Profitable Passion Projects, work from home gigs, laptop or lifestyle businesses; call them what you like, but they are becoming part of the norm these days. It's not just the tech geeks, entrepreneurial millenials or university graduates who are making the most of the internet and technology to get their new enterprises up and running. People facing redundancy, stay at home mums, retired baby boomers and many younger employees from a range of industries are having a go at creating a sideline business.
There is a lot of talk these days about following your passion, but many people seem to be despondent when they hear this as they don't know what their passions are.
Firstly I don't think its a matter of identifying your passions and then following them. I believe we need to identify or find something that will inspire us and drive us and ultimately we become passionate about what we are doing.
So how do we do this? What steps can we take to find something we could be passionate about?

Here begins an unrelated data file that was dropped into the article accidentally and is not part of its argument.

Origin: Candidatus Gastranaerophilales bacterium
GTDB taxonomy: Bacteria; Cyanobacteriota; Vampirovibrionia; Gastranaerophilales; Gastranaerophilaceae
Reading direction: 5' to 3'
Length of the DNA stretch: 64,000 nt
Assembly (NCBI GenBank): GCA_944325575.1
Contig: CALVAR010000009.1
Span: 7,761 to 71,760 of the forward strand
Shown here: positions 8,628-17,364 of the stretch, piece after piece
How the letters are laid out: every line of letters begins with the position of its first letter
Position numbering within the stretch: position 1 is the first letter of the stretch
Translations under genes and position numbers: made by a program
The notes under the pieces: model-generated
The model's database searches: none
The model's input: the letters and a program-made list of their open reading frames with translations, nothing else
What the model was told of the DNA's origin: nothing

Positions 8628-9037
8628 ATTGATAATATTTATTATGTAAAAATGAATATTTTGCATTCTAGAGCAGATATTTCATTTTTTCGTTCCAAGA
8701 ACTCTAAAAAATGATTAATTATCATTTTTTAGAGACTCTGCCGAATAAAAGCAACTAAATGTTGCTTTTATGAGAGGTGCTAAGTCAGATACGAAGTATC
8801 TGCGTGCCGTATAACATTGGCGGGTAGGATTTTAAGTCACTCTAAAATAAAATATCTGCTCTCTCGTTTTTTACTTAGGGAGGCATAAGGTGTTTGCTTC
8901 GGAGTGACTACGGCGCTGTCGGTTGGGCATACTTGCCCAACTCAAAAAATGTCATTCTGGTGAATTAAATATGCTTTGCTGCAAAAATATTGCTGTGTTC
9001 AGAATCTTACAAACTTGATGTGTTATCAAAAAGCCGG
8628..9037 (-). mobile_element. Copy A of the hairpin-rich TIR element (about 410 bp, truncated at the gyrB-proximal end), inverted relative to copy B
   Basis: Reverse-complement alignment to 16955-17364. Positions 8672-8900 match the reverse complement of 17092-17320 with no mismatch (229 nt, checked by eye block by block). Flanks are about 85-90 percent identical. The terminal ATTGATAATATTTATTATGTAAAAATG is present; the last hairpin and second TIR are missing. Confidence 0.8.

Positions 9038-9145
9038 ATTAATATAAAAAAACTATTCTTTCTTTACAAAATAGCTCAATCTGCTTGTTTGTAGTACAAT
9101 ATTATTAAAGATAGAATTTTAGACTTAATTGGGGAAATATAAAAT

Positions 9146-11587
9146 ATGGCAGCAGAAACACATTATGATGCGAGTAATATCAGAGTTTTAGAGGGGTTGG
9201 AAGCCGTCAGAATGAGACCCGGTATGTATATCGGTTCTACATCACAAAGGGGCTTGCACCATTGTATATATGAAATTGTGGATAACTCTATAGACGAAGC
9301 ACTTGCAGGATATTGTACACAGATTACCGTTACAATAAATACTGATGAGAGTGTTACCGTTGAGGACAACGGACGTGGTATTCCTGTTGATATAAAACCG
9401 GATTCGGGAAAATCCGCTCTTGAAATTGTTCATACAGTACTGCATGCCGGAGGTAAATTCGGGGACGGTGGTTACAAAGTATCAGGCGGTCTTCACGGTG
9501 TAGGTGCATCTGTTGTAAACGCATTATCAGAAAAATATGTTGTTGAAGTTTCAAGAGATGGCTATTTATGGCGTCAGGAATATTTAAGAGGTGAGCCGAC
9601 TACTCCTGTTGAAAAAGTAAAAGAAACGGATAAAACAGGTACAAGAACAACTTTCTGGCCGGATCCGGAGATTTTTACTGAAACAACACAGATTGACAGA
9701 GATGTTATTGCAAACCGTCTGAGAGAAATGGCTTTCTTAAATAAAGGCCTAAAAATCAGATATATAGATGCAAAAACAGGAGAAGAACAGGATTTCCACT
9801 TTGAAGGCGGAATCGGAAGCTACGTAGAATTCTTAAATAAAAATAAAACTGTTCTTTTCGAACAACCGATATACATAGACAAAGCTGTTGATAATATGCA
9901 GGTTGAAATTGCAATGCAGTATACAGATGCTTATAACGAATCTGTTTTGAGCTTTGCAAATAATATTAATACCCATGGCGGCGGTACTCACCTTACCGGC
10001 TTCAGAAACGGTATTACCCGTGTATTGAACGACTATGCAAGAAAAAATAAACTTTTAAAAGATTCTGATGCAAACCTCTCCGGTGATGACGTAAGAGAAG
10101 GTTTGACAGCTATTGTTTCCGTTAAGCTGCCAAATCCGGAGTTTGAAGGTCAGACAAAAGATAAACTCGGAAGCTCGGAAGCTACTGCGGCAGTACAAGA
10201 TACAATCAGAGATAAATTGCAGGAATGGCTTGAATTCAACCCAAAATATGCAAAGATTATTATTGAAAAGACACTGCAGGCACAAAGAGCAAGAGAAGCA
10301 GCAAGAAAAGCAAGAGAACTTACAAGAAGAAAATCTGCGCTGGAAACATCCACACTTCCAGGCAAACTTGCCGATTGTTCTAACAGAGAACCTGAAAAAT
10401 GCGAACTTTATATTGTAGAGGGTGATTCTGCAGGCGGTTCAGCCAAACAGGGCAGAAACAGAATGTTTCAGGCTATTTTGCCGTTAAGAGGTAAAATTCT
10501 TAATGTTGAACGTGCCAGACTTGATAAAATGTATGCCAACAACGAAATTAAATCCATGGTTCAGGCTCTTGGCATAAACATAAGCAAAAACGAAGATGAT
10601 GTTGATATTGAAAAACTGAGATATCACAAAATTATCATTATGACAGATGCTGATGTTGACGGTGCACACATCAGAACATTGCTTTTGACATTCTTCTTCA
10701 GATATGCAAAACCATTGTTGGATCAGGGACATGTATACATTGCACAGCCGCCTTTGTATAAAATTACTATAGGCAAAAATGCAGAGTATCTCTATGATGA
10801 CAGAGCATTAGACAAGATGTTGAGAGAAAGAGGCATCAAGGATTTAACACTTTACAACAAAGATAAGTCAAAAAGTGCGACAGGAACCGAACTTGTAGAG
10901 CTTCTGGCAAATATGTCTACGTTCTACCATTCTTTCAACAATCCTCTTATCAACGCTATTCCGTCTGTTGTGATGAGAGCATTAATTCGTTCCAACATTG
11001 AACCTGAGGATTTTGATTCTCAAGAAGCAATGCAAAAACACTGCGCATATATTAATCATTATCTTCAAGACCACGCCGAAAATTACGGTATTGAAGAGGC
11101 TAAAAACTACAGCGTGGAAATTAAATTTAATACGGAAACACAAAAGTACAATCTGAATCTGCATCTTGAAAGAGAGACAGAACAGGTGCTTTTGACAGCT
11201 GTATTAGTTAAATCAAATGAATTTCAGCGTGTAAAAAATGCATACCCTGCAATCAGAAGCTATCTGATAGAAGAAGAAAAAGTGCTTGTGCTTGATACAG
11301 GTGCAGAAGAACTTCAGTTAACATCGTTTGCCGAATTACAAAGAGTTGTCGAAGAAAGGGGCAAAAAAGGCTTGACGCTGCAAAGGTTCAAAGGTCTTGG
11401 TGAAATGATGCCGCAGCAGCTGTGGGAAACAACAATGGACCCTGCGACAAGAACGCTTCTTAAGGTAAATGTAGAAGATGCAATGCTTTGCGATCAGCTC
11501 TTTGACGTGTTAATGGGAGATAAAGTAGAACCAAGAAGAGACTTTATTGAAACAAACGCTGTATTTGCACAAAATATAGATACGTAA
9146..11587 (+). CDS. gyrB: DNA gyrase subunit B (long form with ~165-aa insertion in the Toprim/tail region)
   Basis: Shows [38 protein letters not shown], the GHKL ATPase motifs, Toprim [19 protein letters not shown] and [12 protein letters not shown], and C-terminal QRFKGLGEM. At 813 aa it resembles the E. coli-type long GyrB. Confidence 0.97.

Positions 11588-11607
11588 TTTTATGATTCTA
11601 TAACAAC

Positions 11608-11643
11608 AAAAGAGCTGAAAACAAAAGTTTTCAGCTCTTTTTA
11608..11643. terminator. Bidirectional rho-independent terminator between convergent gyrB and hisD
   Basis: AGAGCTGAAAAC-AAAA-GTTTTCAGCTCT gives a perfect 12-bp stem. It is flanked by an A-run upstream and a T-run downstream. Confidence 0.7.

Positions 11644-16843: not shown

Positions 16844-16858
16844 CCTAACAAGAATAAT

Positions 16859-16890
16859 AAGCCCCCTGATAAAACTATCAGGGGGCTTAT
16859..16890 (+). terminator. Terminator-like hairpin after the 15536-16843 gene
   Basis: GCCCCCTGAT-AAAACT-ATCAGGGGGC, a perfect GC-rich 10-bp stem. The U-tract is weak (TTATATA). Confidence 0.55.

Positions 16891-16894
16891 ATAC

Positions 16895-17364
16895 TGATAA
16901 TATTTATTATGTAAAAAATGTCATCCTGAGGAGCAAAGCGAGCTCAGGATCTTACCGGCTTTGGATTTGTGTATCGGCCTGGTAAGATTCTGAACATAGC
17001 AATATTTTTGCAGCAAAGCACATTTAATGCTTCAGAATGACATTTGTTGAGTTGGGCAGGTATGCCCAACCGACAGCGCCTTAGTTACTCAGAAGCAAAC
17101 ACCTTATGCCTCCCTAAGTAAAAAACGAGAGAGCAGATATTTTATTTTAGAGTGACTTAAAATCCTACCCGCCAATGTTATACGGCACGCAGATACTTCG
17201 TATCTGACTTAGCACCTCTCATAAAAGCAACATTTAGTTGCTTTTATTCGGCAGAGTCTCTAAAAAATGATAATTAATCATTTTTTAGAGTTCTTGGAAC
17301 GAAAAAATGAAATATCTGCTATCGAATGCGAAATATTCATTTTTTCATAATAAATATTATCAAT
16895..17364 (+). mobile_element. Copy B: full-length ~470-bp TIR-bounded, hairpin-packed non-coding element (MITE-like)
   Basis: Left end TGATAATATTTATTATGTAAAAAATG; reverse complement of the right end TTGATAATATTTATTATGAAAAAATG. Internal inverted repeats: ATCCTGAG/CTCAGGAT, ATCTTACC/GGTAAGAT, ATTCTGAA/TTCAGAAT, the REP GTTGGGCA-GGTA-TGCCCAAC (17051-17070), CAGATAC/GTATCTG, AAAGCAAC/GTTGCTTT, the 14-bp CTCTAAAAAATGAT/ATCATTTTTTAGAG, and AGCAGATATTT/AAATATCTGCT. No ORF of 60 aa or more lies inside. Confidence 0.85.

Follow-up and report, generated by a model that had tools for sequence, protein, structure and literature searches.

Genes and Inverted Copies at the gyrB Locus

Today seems to be the age of the modern gold rush where people from all around the globe are jumping on the internet start-up bandwagon. The early pioneers date back to between 2000 and 2005. These early pioneers are the veterans and many have established profitable income streams through their internet businesses.
There are however, many encouraging signs that this gold rush has not yet peaked and although the markets are much more competitive today than they were back in 2005, newcomers are still making a name for themselves, and it's not just the millenials, baby boomers are also doing quite well for themselves.
Firstly, tread carefully and take time to think about how you may transition from your job to working on your profitable passion project. There really are many ways of doing this and I believe everyone's circumstances are different so I won't be able to cover everything in this blog post.
Variables such as your personality, your work habits, your current repertoire of skills, your financial responsibilities and commitments, your supports and money saved, will all need to be considered. Other factors such as the economy, the type of transition, timing of opportunities and competition also need to be weighed up as a part of the equation.
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